Memorial Day, graduations, barbeques, boating, camping, picnics … summer is here NY! I don’t know about you but I love the tastes and smells of summer. There is nothing better than sitting in the sun, smelling the BBQ, and sitting down with friends and family for a summer banquet. For sure, this season brings a different way of cooking and entertaining – throw some hots and hamburgers on the grill, fix a few salads, and bring out the ice cream for dessert. Alas, sometimes the party does not go well when the potato salad has been sitting in the heat for too long and well, several tummies rebel. Every year, the CDC estimates that 1 in 6 (or 48 million) American get sick with a foodborne illness. In addition, 128,000 are hospitalized and 3,000 die. Safe food handling during the warm weather is the first step to reducing your risk for foodborne illnesses and keeping the party fun. Unfortunately, rates of foodborne illnesses are higher in the summer months. This is for two primary reasons: 1) There is bacteria present in the soil, air, water, and on the bodies of animals and people. These microorganisms grow faster in the summer months. They are particularly fond of temps between 90°and 110° Fahrenheit; and 2) People have food outside more often without the temperature control of refrigerators, ovens, and heating trays. Bottom line, lack of temperature control and extended time in the heat = bacterial growth. Safe food handling is critical for protecting yourself, your family and friends from foodborne illnesses. The U.S. Food and Drug Administration offers the following tips: Keep cold food cold. Place cold food in a cooler with ice or frozen gel packs. Store food at 40° F or lower to prevent bacterial growth. Pack meat, poultry, and seafood while still frozen so they stay colder longer. Organize cooler contents. Pack beverages in one cooler and perishable items in another cooler. That way, as people replenish their drinks, the perishable items won’t be exposed to the warm outdoor temperatures. Keep coolers closed. Try to limit the number of times you open the cooler. The fewer times you open it, the colder it will remain. Don’t cross-contaminate. Keep raw meat, poultry, and seafood securely wrapped and contained. Make sure no meat juices come in contact with other foods. Clean your produce. Before you pack the cooler, rinse fresh fruits and vegetables under running tap water. Be sure to do this for all produce including melons. Packaged fruits and veggies that are labeled “ready to eat,” “triple washed,” or “washed” need not be washed. Keep it cold/hot. When serving, keep cold foods at 40°F or colder until ready to serve. Once served, it should not sit out for longer than 2 hours, or 1 hour if the outdoor temperature is above 90°F. Hot food should be at or above 140°. Just as with cold foods, hot foods should not sit out for more than 2 hours or 1 hour if above 90° outside. IF FOOD IS LEFT OUT LONGER THAN THESE PRESCRIBED TIMES, THROW IT OUT. Clean your hands. If you don’t have running water, wash your hands with jugged water, soap, and paper towels OR use moist disposable towelettes. Thaw safely. Use the refrigerator for slow, safe thawing or thaw sealed packages in cold water. For quicker thawing, use the microwave’s defrost option if the food will be placed immediately on the grill. Marinate safely. Marinate foods in the refrigerator – never on the kitchen counter or outdoors. If you plan to use some of the marinade for a sauce later, reserve a portion in a separate container before you start the marinating process. NEVER REUSE MARINADE. Cook immediately after “partial cooking.” If you partially cook food to reduce grilling time, do so immediately before the food goes on the grill. Cook food thoroughly. Use a food thermometer to ensure the food is cooked all the way. Refer to the package or FDA chart for proper temperatures. Don’t reuse platters or utensils. Never put cooked meat on a platter used to transport raw meat. Bacteria from the raw meat will contaminate the cooked food. Always use a clean plate for cooked food. Keep the cooler in a shady spot. If at all possible, keep coolers under a table or in a shady spot. You can also cover it with a tarp or blanket to preserve the cool temperature. For more information on summer food safety, go to: or Lorraine Wichtowski is a community health educator at Noyes Health in Dansville. If you have questions or suggestions for future articles she can be reached at or 585-335-4327. ... Read More

May 12, 2016

May is Stroke Awareness Month.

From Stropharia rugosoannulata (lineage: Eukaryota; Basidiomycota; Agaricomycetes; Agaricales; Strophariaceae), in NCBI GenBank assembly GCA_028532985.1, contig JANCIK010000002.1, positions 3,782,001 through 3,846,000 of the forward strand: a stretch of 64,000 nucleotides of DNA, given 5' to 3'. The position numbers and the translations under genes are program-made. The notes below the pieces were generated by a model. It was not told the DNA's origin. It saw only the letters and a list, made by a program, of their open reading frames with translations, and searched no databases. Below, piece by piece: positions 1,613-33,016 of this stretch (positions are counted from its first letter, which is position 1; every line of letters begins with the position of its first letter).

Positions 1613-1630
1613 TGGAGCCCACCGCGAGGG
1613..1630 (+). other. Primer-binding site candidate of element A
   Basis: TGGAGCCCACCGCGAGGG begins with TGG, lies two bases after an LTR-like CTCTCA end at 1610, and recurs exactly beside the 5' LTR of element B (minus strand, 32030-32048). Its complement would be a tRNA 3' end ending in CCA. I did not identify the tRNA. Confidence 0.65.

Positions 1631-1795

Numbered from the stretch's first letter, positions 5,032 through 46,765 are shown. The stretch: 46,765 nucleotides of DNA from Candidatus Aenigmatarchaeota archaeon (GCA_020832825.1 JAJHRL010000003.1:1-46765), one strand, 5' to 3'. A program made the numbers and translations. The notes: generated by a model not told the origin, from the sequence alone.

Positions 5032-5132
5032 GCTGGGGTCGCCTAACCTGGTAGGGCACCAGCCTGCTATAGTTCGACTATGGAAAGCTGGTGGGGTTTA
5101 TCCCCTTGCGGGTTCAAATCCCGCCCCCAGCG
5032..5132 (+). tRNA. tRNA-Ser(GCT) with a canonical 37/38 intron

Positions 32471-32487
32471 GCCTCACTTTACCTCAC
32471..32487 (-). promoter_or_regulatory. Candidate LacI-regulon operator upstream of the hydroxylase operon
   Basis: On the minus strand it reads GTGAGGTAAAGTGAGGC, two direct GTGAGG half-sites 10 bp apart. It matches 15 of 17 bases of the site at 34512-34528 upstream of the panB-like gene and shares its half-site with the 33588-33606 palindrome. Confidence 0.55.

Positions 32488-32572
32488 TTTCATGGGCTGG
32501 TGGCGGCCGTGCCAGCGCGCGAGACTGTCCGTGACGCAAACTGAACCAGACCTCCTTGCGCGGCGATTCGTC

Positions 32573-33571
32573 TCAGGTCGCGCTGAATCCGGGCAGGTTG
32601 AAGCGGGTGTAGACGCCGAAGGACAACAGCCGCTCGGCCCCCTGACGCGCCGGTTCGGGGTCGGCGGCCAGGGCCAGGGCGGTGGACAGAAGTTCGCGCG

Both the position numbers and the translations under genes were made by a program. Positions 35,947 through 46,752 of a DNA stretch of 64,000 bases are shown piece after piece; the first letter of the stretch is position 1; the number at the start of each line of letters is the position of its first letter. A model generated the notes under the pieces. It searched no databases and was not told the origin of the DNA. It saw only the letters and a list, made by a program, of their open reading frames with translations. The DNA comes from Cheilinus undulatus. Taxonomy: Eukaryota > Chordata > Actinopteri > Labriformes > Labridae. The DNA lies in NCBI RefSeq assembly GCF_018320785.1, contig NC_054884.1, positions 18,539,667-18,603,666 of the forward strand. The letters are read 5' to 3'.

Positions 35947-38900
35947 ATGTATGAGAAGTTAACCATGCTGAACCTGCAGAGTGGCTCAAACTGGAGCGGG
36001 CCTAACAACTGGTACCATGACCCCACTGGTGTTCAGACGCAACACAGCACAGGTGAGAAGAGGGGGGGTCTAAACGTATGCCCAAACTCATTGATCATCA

May is Stroke Awareness Month. Out of the myriad of awareness months, this is one of the most important because of the sheer numbers of people affected. Stroke is the number five cause of death in the United States, killing nearly 130,000 people per year. To put that in perspective, someone in the United States has a stroke every 40 seconds and someone dies of stroke every four minutes. But stroke is more disabling than fatal. Approximately, 800,000 people in the United States have a stroke each year and according to a 2016 report from the American Heart Association, it is projected this number will increase by 20% (from 2012 numbers) by 2030. Many of those people will suffer long term disability or memory loss. The need for awareness and education is, therefore, more critical than ever. Defining stroke, understanding the risk factors and warning signs, and knowing the treatment options are all part of the learning process. Stroke occurs when blood flow to the brain is interrupted. Blood carries oxygen and when the brain is deprived of blood rich oxygen, brain cells die. In fact, nearly two million brain cells die each minute a stroke goes untreated. There are two basic types of stroke: ischemic and hemorrhagic. 87% of strokes are classified as ischemic. An ischemic stroke occurs when a clot or a mass blocks a blood vessel, cutting off blood flow to the brain. A hemorrhagic stroke occurs when a weakened blood vessel ruptures, spilling blood into the brain. A TIA (transient ischemic attack) often called a “mini stroke” is a blockage but is it temporary. The symptoms are exactly the same as stroke but usually last less than five minutes. People are at risk for stroke primarily because of high blood pressure although there are other risk factors including smoking, atrial fibrillation, diabetes, stress, and a sedentary lifestyle. According to the National Institutes for Health, 80% of strokes can be prevented. This is because high blood pressure, the leading risk factor for stroke, can be treated. 77% of people who have a first stroke have blood pressure higher than 140/90 mmHg; however, almost 20% of American adults with high blood pressure don’t know they have it. Knowing your blood pressure number is very important in the fight against stroke. To maintain healthy blood pressure and reduce the risk of stroke, physicians will often prescribe medications and advocate for a healthy lifestyle. The American Heart Association recommends following “Life’s Simple 7” to achieve ideal health: don’t smoke, be physically active, eat a healthy diet, maintain a healthy body weight, and control cholesterol, blood pressure, and blood sugar. In addition, knowing the stroke warning signs is critical to limiting the negative effects of a stroke. Recognizing the warning signs and calling 911 are crucial when it comes to limiting the severity of a stroke. Literally every minute counts. The American Stroke Association promotes the F.A.S.T. acronym to help people remember what to do: F – FACE DROOPING –have the person smile – is one side drooping? A – ARM WEAKNESS – have the person raise his or her arms – is one arm drifting down? (is one side of the body not responding or moving properly) S – SPEECH DIFFICULTY – have the person repeat a phrase – is the speech slurred? Or is there difficulty in finding words? T – TIME TO CALL 911 – call 911 IMMEDIATELY if you or someone you know is experiencing any of these symptoms Time is of the essence for all stroke patients. The sooner one is diagnosed, the sooner treatment can begin. Stroke medical treatments work to either open the blockage or treat the rupture. For ischemic strokes, there are two basic treatments: the administration of tPA (tissue plasminogen activator) or an endovascular procedure called a mechanical thrombectomy. tPa works by dissolving the clot and improving blood flow to the part of the brain deprived of blood flow. If administered within 3 hours, tPA may improve the chances of recovering from a stroke. According to the National Institutes of Health, stroke patients who receive tPA within 90 minutes of symptom onset are almost three times more like to recover with little or no disability. Many stroke victims do not get to the hospital in time for tPA treatment; that is why it is important to identify the stroke quickly and call 911 immediately. Endovascular procedures involve inserting a catheter with miniature instruments through the skin into a blood vessel for treatment. One such procedure is a mechanical thrombectomy which allows doctors to remove large blood clots from the brain with small instruments inserted via a catheter. The procedure is typically done within six hours of acute stroke symptoms, and only after a patient receives tPA. Hemorrhagic strokes may also be treated with endovascular procedures or by other surgical treatments. Remember time is incredibly important. If you or someone you are with exhibits facial drooping, arm weakness, or speech difficulty, call 911 immediately. You will be transported to a designated primary stroke center such as UR Noyes Health. Being a designated stroke center means a specially trained clinical team meets the stringent standards set by New York State for stroke care. The Noyes Health team is further advanced through affiliation with the University of Rochester Medical Center that allows emergency providers to connect with a team of interventional stroke neurologists 24/7. This brings the specialized resources of UR Medicine, a comprehensive stroke center, to Dansville and surrounding communities. To learn more about stroke prevention, symptoms, and treatment, go to: or To test your stroke knowledge, take a quiz at: Lorraine Wichtowski is a community health educator at Noyes Health in Dansville. If you have questions or suggestions for future articles she can be reached at or 585-335-4327. ... Read More